... The houses stand alone: a collection of isolated,
disconnected islands. There is no communal land, and no
sign of any functional connection between different houses.
Christopher Alexander, The City as a Mechanism for
Sustaining Human Contact, 1966
16
The chief symbol of privacy and guarantorof each family's
claim to it is an unblemished lawn...
-Perin, Constance Belonging In America
[There is].. .a very large investment among everyone in the
community to basically pretend...problems don't exist... [The
residents] believe they are buying protectionfrom the kind of
problems they all know exist in the city.
-Jon Dunn, Exec. Dir. of Newton Multiservice Center
from: "Suburban Strife: Family Problems Surface in
Affluent Settings" by Boston Globe staff
17
Americans are likely to flee.. .ambiguitiesby not knowing
their neighborsat all.
-Perin, Constance Belonging In America
INTRODUCTION
Suburbs have come to a point in their development, at
which they are now beginning to compete with the
traditional urban, center cities for economic and cultural
identities. As both businesses and residents move from
cities to suburbs, the suburbs are forced to take on a
larger cultural burden than they were originally
intended to have. The inherency of relatively large lot
sizes in suburbs works against the possibility of
accommodating this burden through small-scaled, but
dense centers, and results in homogeneous land use.
fil20
SUBURBAN CITY
SUBURBAN CITY
INTRODUCTION
These factors and the greater efficiency of travel
afforded by the car have produced centers--Mallswhich do not relate themselves to the residential
structure of surrounding neighborhoods and can not
accommodate any cultural needs. Malls, because of
their strong connection to the car, serve far too many
people to constitute what one might identify as a
community; They are, in fact'too public. As
commercial and cultural (ie cinemas) centers become
more centralized, as the Mall is, trips to these centers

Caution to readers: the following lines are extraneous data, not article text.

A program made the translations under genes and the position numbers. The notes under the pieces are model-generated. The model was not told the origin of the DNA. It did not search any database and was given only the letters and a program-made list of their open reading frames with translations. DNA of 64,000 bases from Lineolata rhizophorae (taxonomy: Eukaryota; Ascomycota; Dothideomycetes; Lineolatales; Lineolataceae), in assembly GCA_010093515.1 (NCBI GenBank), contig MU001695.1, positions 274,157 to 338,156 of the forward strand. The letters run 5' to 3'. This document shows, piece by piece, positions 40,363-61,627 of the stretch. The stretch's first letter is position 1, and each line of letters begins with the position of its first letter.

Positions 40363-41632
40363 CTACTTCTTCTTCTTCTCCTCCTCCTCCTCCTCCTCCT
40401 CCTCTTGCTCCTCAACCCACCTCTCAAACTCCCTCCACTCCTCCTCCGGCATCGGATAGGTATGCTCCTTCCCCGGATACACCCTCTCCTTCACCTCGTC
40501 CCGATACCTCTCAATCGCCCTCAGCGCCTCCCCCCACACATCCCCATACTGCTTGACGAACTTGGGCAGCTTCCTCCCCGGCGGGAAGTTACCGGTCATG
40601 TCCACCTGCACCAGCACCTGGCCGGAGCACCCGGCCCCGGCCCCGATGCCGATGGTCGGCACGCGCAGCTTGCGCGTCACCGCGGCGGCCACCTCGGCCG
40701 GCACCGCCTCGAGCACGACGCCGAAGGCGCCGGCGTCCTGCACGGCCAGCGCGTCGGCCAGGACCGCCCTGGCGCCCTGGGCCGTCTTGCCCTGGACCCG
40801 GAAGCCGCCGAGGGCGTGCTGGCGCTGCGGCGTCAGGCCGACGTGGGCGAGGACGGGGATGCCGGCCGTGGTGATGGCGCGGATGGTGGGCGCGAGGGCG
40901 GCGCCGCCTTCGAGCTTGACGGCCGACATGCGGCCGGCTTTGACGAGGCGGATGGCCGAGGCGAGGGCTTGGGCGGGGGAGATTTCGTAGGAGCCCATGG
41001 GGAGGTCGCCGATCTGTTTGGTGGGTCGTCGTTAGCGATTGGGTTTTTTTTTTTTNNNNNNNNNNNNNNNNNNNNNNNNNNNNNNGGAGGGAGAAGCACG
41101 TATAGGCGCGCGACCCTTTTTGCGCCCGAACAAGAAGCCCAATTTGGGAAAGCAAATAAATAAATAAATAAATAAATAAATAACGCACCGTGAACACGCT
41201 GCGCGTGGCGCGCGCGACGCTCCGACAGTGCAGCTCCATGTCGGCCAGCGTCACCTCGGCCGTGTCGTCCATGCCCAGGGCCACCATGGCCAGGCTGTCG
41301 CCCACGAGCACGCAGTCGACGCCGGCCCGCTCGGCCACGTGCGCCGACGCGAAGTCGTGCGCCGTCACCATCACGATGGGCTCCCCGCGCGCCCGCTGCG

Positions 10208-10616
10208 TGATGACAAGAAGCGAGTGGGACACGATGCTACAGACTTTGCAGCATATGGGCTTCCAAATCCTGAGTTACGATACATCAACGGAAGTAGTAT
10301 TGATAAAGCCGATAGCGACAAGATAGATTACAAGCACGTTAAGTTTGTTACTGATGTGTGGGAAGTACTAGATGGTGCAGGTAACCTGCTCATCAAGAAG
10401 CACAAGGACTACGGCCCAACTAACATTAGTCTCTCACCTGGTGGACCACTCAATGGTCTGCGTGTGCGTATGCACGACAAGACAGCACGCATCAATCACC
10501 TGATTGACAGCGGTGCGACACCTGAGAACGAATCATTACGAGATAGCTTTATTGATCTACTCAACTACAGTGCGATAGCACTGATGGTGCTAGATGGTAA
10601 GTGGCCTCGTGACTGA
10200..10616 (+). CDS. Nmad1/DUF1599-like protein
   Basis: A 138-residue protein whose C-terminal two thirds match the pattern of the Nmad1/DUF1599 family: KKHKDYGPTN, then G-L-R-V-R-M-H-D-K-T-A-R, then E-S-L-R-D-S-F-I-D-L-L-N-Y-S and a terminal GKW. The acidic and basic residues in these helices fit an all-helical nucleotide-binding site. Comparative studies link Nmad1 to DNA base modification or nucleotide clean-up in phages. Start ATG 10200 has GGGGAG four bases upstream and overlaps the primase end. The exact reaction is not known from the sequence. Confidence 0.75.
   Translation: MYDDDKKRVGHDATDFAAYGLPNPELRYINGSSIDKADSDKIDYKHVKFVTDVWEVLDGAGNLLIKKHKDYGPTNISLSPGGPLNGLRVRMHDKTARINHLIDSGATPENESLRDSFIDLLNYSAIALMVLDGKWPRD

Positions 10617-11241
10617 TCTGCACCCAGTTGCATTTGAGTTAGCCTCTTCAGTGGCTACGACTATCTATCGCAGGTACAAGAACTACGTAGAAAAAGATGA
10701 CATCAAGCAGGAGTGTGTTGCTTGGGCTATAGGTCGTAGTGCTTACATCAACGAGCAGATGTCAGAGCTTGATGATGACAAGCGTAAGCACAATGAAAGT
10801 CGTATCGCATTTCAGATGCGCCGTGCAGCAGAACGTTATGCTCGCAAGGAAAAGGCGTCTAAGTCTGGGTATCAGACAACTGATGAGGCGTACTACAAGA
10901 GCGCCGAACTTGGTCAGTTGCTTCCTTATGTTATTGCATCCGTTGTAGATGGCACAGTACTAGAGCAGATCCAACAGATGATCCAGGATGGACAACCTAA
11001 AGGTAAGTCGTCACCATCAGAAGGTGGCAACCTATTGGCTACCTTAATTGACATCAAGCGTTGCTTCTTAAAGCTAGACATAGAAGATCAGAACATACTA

become less frequent and therefore must be more
efficient. With this comes a loss of regularity with
which people need to establish relationships with others
in a community. This new community breaks down all
forms of interaction between fellow residents and forces
people to withdraw and protect themselves from the
inhospitable environment of traffic and
strangers:.. .Today's men and women suffer from a continual
2
10
onslaught of information and sensations,a constant violation
of their sense of identity. (Branzi)
INTRODUCTION
SUBURBAN CITY
It can be concluded that the loss of community in
modem life has negative effects on American culture.
The change in the fundamentals of the family may or
may not be caused by this loss of community, but the
modem community does not in either case support this
change. Social rules inhibit people from reaching out to
strangers, but it may not be this attitude which is
detrimental, rather the fact that there are so many more
strangers in peoples lives and not enough dose
relationships. These rules are a holdback from when
strangers were strangers to a community, not to an
individual. For the culture is now one of individuals.
11
SUBURBAN CITY
INTRODUCTION
CONCLUSION
24
12
Taking Alexander's view, these problems are a result of
widespread densification and erode the individual's
sense of being part of a group. However, the traditional
community was based on densification to a degree. So
there seems to be an inherent conflict between future
development and society's needs for community. New
development needs to promote greater density but must
be sensitive to the local community and must in some
way strengthen it.
The position taken for this project is that the suburbs
have a potential for community which can be realized
by enhancing the existing identity through densification
and centralization to a degree. The amount of
densification and centralization is crucial to the life of
the project. There must be a balance between
densification-ie residential--and community--ie public
use; In too many instances high density residences are
developed without making an investment in the identity
of such a large community. The assumption then is that
an investment to better the community, while not